While the U.S. Congress establishes its positions on National space policy through authorization and appropriations bills, the Executive Branch articulates the President's views on the Nation's ends and means for Space exploration and development through the budget it introduces annually, any other legislation it might introduce, and a series of policy directives. These directives, no less than congressional legislation, are the result of compromise, though the compromises are hammered out by a much smaller number of players, viz., representatives of Executive branch agencies in negotiation with White House staff assigned to various policy areas.
During the administrations of President Ronald Reagan and President George Bush, shaping and articulating "National" (but actually the Administration) space policy was the work of the National Space Council, descendant of the National Space Council first established in 1958 under the National Aeronautics and Space Act ("the Space Act"; PL 85-568). Chaired by the Vice-President, the Council consisted of the heads of all Federal departments or other high-level offices having either a programmatic role, or legitimate concern, in Federal government space activities, e.g., the National Aeronautics and Space Administration, the Department of Commerce (which contains the National Oceanic and Atmospheric Administration), the Director of Central Intelligence, the Chairman of the Joint Chiefs of Staff. The National Space Council's policy declarations, designated "National Space Policy Directives" (NSPD's), were negotiated by the policy staffs of the member agencies, agreed to by their "principals," who sat on the Council, and eventually signed by the President.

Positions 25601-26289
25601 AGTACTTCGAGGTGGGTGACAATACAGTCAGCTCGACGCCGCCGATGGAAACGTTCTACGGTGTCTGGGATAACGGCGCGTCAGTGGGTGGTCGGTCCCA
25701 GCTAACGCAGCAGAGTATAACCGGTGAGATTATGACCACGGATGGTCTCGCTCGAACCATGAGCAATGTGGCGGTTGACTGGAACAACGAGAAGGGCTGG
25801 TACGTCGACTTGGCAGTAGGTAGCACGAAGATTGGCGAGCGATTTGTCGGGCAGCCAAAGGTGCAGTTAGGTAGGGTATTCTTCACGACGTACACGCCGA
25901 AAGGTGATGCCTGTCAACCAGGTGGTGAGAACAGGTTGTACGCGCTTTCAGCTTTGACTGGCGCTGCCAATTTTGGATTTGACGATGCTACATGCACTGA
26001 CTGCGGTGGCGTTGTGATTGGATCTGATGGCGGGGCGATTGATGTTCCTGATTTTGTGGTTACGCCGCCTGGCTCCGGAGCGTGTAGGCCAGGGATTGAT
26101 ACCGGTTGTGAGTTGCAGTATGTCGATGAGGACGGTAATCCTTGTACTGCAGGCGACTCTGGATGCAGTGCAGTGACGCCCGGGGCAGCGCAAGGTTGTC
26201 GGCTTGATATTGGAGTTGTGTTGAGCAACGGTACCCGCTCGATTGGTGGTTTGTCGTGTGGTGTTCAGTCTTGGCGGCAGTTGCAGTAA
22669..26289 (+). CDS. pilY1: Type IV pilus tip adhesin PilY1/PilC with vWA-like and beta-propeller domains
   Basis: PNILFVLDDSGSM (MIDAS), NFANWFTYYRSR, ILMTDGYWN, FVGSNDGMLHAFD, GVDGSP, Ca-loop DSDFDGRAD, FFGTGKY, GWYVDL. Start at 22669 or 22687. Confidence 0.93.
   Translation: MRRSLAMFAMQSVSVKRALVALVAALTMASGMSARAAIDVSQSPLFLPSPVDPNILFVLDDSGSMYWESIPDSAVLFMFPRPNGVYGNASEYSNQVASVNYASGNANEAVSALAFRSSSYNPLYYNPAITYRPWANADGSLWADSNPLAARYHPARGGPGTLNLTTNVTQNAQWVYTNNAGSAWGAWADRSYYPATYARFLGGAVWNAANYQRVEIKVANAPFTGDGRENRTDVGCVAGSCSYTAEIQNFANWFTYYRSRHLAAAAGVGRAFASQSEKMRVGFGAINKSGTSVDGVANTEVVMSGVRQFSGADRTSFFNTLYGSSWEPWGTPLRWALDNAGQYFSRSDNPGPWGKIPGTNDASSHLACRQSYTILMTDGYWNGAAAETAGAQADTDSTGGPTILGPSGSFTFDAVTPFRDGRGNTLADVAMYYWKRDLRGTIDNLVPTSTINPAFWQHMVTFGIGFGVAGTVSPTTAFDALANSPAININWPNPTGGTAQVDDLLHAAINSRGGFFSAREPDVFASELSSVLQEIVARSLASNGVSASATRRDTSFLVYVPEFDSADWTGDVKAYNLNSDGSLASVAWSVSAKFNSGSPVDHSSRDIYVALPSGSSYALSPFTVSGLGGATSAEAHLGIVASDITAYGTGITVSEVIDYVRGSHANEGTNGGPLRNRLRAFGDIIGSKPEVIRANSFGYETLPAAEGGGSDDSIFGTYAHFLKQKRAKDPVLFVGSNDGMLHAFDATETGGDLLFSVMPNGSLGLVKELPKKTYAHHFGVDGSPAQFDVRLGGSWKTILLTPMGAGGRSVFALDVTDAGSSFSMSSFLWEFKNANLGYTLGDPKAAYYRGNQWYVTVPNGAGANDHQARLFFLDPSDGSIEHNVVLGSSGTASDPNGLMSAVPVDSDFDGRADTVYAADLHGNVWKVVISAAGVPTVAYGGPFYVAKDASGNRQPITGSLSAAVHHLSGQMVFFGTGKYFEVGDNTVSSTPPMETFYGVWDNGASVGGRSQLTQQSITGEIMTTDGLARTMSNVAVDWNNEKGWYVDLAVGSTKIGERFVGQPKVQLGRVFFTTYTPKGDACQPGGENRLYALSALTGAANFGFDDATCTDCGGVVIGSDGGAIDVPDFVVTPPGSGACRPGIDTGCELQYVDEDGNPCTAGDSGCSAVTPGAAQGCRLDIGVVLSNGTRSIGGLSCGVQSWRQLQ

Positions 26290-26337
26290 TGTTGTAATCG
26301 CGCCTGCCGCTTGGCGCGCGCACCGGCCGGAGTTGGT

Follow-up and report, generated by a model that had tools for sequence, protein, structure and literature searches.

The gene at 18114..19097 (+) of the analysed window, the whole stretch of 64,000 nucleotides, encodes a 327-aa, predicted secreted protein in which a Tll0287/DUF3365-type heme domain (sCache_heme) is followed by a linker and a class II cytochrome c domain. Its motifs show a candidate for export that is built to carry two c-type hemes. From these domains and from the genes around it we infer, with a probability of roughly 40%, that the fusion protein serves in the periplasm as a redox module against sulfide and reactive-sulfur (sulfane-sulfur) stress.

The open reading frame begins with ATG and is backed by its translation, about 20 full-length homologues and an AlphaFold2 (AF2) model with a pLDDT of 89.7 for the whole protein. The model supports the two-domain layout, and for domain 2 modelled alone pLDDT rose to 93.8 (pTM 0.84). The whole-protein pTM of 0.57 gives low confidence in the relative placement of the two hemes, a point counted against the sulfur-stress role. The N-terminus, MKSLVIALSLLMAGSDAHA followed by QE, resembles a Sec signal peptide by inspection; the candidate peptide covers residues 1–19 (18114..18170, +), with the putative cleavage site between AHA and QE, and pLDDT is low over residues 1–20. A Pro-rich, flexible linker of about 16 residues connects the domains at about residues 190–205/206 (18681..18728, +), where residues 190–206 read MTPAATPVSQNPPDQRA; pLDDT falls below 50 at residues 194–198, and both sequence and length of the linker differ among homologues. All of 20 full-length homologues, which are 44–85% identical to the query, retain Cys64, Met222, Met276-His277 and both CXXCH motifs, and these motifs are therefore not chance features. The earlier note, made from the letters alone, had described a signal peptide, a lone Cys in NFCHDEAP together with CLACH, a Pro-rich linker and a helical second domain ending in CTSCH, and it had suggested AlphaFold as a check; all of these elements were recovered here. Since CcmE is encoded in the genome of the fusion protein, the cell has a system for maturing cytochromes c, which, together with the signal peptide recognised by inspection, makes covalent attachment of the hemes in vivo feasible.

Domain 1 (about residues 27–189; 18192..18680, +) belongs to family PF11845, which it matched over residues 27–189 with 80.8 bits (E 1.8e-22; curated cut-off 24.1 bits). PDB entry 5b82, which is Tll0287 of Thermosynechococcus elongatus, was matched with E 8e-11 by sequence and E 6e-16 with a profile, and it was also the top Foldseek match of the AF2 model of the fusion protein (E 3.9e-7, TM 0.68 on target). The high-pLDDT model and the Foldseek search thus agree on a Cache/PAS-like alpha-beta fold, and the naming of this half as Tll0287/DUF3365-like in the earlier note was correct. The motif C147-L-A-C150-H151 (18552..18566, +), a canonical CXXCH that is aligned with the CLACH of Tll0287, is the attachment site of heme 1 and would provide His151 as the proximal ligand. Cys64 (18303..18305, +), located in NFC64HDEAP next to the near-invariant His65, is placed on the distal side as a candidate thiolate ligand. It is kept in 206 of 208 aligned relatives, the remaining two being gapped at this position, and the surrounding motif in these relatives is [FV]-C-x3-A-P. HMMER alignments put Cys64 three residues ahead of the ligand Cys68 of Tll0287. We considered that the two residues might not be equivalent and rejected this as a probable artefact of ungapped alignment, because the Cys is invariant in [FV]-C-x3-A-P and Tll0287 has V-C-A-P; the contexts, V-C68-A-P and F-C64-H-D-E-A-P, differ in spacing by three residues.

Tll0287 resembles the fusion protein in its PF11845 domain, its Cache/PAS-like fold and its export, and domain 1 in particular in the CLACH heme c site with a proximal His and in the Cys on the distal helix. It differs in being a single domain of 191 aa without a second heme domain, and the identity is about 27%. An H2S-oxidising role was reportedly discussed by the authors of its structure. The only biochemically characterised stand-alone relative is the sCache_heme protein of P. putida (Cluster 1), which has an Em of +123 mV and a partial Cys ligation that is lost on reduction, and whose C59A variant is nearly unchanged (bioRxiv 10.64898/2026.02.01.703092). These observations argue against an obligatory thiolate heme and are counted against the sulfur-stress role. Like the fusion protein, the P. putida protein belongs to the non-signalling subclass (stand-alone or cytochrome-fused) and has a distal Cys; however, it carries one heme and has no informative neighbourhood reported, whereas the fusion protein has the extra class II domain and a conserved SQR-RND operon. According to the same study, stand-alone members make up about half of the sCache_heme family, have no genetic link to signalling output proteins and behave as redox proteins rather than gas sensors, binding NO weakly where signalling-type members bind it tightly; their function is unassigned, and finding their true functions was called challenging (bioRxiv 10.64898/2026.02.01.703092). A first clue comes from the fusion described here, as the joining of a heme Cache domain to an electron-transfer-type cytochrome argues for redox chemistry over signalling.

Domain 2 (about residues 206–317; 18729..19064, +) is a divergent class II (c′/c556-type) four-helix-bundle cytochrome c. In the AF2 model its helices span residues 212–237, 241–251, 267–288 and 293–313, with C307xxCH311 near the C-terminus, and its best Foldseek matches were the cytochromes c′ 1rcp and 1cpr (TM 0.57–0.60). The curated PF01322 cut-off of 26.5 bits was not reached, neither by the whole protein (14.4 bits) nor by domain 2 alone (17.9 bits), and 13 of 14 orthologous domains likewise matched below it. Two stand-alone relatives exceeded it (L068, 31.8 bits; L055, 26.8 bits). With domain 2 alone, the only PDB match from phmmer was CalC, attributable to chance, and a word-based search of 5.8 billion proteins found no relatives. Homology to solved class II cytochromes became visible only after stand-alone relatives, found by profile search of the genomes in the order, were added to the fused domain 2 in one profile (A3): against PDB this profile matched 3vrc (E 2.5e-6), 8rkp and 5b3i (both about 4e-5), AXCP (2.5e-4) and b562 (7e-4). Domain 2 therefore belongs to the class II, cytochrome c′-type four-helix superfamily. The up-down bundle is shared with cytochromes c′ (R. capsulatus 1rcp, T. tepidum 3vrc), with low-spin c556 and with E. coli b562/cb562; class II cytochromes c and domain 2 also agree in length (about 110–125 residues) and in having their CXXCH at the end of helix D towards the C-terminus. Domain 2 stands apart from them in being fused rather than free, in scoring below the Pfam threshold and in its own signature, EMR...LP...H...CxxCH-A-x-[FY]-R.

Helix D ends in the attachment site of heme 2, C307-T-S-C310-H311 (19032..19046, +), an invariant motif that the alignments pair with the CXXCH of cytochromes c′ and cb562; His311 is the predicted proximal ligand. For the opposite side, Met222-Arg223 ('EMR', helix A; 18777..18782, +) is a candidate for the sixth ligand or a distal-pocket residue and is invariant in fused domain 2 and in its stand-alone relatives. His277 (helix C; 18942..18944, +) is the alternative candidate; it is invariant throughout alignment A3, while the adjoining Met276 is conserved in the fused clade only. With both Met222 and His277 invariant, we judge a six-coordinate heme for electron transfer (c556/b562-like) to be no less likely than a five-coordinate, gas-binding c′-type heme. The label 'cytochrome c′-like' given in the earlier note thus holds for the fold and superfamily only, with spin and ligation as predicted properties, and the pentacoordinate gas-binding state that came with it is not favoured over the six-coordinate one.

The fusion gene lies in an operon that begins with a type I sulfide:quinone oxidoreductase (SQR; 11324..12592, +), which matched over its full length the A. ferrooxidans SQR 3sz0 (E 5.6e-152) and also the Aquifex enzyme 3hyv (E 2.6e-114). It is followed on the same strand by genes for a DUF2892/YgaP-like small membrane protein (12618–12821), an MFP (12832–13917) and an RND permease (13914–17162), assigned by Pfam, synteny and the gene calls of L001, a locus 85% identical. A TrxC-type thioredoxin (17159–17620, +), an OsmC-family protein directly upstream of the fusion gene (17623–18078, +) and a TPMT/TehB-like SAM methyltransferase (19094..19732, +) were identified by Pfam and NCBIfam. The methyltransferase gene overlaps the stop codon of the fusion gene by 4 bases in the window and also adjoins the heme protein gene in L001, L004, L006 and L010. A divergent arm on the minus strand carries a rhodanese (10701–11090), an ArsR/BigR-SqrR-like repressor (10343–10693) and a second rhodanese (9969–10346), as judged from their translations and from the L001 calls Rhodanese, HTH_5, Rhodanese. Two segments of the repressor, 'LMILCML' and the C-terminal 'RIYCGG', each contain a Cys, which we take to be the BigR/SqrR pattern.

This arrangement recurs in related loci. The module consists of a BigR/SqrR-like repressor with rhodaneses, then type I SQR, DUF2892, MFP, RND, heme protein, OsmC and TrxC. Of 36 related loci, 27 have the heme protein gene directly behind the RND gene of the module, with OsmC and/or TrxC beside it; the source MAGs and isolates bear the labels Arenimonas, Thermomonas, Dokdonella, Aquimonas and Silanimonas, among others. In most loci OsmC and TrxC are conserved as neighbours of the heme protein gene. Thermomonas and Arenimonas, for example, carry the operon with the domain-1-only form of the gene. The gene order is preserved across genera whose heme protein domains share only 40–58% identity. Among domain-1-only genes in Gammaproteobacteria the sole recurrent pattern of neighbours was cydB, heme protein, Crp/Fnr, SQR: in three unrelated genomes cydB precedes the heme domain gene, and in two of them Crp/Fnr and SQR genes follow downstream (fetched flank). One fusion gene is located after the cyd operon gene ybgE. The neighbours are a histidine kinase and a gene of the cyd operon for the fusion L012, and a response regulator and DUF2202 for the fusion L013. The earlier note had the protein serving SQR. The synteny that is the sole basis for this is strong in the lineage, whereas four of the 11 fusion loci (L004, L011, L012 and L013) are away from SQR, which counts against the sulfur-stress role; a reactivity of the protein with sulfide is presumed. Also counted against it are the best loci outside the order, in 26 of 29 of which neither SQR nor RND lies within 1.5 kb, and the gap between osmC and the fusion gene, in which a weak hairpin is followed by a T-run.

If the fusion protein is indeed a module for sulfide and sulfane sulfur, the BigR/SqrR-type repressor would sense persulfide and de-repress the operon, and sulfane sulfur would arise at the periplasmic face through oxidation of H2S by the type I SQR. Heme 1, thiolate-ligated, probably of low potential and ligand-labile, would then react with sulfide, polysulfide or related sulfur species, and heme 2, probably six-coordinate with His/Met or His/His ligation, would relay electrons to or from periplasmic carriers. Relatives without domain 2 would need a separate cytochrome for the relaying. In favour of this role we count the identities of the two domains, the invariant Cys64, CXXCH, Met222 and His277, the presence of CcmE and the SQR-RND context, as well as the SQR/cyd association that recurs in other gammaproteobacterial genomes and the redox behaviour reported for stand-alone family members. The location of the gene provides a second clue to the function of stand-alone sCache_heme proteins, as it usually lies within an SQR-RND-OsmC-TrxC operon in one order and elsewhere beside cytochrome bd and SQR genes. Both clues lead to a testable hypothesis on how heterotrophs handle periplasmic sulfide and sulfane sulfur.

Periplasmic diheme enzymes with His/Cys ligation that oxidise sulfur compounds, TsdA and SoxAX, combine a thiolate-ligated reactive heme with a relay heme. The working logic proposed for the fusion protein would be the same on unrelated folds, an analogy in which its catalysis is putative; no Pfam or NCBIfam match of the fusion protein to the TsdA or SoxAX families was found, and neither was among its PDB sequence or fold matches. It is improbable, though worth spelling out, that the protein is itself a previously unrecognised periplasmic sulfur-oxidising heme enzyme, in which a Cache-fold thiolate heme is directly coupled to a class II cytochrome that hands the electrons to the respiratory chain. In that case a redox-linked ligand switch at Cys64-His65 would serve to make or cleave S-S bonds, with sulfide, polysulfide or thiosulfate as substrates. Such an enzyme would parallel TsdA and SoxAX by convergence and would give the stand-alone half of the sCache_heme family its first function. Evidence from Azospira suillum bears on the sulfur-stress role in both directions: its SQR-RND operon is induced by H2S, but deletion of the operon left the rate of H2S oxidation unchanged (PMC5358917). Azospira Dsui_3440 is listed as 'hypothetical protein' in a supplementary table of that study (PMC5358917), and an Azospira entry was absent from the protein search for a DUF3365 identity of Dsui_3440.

Both Presidents Reagan and Bush displayed an interest in the unique importance of Space exploration to the country's future. For example, President Reagan openly supported NASA's Space Station Freedom initiative, while President Bush publicly endorsed a piloted ("manned") mission to the planet Mars. Not surprisingly, then, the Bush administration witnessed the articulation of an important series of NSPD's.
The first, NSPD-1 (1989), entitled "National Space Policy," articulated the Bush Administration's overall policy for U.S. purposes and activities in Space. NSPD-2 ("Commercial Space Launch Policy", 1990) reflected the Administration's commitment to developing a thriving commercial space sector by establishing "the long-term goal of a free and fair [space launch] market in which the U.S. industry can compete" internationally, while NSPD-3 elaborated the Administration's commercial Space policy with specific guidelines "aimed at expanding private sector investment in space by the market-driven Commercial Space Sector". NSPD-4 affirmed "assured access to Space" as a key element of National space launch policy. Maintaining "a continuity of Landsat-type [remote sensing] data" was the principal objective of NSPD-5 (1992), while the desire to ensure well coordinated planning and implementation of a U.S. program to examine natural and human-induced changes in the Earth system was reflected in NSPD-7 (1992). NSPD-6 ("Space Exploration Initiative", 1992) announced the strongest White House commitment to an ambitious program of human Space exploration since John F. Kennedy's clarion call of 1961 for a human mission to the Moon. Classified annexes to Space policy directives, or other classified directives, articulated policy for sensitive National security and intelligence activities in Space.